Carter Braxton, Trustee, v. Bell and Others. Virginia Court of Appeals: At Richmond. (November 21, 1895)

1896 The Virginia Law Register  
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more » ... out Early Journal Content at http://about.jstor.org/participate--jstor/individuals/early-journal--content. JSTOR is a digital library of academic journals, books, and primary source objects. JSTOR helps people discover, use, and build upon a wide range of content through a powerful research and teaching platform, and preserves this content for future generations. JSTOR is part of ITHAKA, a not--for--profit organization that also includes Ithaka S+R and Portico. For more information about JSTOR, please contact support@jstor.org. 1896.] BRAXTON V. BELL. 675 made by a court of three judges-two of the full bench being absent. The rather summary manner in which the question was disposed of by the court does not favor the idea that it was fully discussed at bar or deliberately considered by the court. In Vharton's Conflict of Laws, sec. 289, it is said: "But while a trustee, in order that equity may be done, will thus be ordered to make a sale in a foreign country, yet this sale is not regarded as a sale by the court, but a sale by the trustee, who proceeds according to the law of the situs. A direct jurisdiction over foreign immovables no court can assume. Thus a court of probate has no jurisdiction to direct an administrator to sell foreign real estate. Such real estate must be sold, if belonging to the decedent's estate, by order of a court of the situs. A deed not so executed is inoperative. And a trustee appointed by the court of one State cannot pass title to real estate in another State." (Italicizing in the last sentence ours.) The grounds upon which the constitutionality of the Act, drawn in question in the principal case, is sustained, apply with equal force to some other sections of the Code. Without specifying all, sec. 2460 seems to come directly and fully within the reasoning of the court in the principal case. It is well known to the profession that, previous to the Code of 1849, a creditor (with a few exceptions) could not go into a court of equity to set aside a fraudulent deed of his debtor and subject the property conveyed by it to his claim, until he had first established his claim by judgment or decree. See 2 Rob. Prac. (Old) at pp. 18, 19, and the cases there cited. The Code (1849) changed this rule of equity by allowing a creditor to institute a suit to set aside a fraudulent deed of his debtor before obtaining a judgment for his claim, and giving him, in case the deed be set aside, the same relief as if he had obtained judgment. Code of 1849, Ch. 179, sec. 2. This provision of the Code of 1849 was carried into sec. 2460 of the Code of 1887, and constitutes the first paragraph of that section. The variation in the language to a certain extent does not aftect the question of validity. Section 2460 has now been extended so as to embrace debts "not due and payable." Acts 1893-94, p. 614. As to the reasons for enlarging the equity jurisdiction under what are now sections 2460 and 2562 of the Code, see Report of the Revisors of 1849 at pp. 641 (note t), 879 (note *).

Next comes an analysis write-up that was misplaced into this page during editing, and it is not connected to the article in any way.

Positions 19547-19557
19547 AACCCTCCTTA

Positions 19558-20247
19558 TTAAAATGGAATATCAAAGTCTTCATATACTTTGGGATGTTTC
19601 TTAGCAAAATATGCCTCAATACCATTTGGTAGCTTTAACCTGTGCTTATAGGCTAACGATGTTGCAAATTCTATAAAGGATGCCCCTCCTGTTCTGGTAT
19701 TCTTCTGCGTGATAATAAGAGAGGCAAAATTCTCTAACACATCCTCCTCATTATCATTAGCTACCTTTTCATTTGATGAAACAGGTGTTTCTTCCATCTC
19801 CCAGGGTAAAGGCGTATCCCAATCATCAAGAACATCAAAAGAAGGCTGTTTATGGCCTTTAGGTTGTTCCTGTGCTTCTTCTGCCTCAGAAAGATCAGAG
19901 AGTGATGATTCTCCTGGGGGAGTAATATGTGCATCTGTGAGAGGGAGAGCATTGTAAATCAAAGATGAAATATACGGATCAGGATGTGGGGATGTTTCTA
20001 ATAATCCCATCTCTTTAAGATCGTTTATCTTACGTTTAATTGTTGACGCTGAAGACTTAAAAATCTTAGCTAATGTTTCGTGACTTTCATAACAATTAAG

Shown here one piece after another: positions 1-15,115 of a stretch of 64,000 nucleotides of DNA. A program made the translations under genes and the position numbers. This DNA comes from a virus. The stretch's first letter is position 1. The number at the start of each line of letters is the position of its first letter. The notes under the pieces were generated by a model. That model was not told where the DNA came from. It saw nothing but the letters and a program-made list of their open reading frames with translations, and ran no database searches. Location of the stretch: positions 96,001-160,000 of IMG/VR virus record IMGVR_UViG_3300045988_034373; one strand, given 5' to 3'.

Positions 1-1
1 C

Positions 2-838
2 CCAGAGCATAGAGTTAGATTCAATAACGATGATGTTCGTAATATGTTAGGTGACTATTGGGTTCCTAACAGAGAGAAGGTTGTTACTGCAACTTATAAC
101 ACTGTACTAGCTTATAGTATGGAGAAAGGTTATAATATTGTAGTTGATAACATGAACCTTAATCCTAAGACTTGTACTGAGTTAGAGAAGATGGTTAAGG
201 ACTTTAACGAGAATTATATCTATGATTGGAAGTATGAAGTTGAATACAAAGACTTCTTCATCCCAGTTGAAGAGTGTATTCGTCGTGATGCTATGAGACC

doi:10.2307/1098769 fatcat:nso4uheomfcnhhiun5jgh7tavi